Quantitative Reasoning for the Public Interest
Before we even began the course, the two teachers had decided to teach and explore EWS using three different methods:
- A survey of students enrolled in Interdisciplinary Programs
- A content analysis of student evaluations of faculty
- Case studies of transformational moments in each student's own learning experience.
On these pages you will find three kinds of data: numbers, text and images. The Survey produced a mixture of numbers and text. The Content Analysis was strictly numerical and the Case Studies are presented as text and images. The numbers are largely presented in the form of frequencies – totals and percentages – as opposed to data tested for significant differences. The written answers to questions on the survey are presented in full, and also illustrated by a few key examples. The Case stories are summarized and also presented in the form of a short multi-media presentation.
Students in this course designed, conducted and analyzed the findings of a study of student learning at Evergreen. In the process they learned about survey and question design, informed consent, content analysis and data coding and analysis. The latter was carried out within the computer program SPSS. Each student undertook a complementary piece of qualitative research as well. Underlying our work were two key principles: that information from a variety of sources in a variety of modes creates a persuasive analysis and that people should be encouraged to engage in the formal practice of reflection on the collective as well as on the individual levels.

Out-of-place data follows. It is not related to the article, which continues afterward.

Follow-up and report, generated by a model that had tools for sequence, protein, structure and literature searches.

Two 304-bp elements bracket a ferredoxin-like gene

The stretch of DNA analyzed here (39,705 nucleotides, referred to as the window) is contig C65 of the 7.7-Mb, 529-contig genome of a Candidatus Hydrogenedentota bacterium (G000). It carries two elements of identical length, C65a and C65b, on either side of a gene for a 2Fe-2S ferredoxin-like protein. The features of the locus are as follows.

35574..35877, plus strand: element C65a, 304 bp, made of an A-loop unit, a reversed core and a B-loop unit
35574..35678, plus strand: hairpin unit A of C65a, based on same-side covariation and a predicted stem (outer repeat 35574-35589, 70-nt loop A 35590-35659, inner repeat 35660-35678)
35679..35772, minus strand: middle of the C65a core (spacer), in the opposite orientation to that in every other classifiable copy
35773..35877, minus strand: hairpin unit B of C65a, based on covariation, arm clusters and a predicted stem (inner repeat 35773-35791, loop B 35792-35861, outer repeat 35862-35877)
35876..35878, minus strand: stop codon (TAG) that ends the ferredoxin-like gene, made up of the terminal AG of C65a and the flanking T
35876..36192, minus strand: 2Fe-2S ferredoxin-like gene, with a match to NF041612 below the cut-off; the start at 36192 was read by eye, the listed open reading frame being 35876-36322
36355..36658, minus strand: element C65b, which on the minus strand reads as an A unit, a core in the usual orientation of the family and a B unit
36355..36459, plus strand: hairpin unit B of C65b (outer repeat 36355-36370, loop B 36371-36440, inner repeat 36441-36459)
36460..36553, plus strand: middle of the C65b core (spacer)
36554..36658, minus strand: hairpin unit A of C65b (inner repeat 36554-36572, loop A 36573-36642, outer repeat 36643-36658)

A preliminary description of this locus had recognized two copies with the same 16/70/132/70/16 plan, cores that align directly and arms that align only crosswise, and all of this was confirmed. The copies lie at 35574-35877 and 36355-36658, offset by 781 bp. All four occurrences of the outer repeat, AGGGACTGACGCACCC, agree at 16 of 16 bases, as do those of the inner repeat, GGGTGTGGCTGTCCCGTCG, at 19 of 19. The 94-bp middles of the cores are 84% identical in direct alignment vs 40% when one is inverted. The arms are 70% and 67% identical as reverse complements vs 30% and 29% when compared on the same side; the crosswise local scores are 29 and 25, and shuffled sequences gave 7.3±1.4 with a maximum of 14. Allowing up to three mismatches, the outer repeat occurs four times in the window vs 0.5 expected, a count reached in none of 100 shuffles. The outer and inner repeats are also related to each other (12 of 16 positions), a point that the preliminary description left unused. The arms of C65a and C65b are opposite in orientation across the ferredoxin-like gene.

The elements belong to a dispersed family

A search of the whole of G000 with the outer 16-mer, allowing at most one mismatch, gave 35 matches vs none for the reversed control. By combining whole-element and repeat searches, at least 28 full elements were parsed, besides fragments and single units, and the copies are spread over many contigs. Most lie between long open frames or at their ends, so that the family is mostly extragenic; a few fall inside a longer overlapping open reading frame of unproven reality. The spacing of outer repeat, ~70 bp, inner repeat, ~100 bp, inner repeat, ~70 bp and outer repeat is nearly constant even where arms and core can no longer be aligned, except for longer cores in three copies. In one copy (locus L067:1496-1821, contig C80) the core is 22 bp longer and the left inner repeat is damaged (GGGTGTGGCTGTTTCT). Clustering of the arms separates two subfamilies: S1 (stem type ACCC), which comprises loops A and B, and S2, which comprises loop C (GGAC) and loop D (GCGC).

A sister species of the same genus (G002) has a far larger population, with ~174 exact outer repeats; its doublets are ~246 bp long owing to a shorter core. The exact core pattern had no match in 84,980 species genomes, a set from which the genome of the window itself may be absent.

- Faculty: Helena Meyer-Knapp
- Director of Institutional Research: David Marshall
- Students: Rachel Aarts, Nick Ames, Brad Bishop, Ali Burak Denizli, Tim Dycus, Natalia Filatova, Maggie Foran, Chris Gores, Lori Holbrook, Jodi Jarrell, Kat Jensen, Vicki Powers, Erin Riffe, Hector Rodriguez, Jennifer Walsh and Jim Wright
- Web page design and statistical help after the end of the course: Allen Olson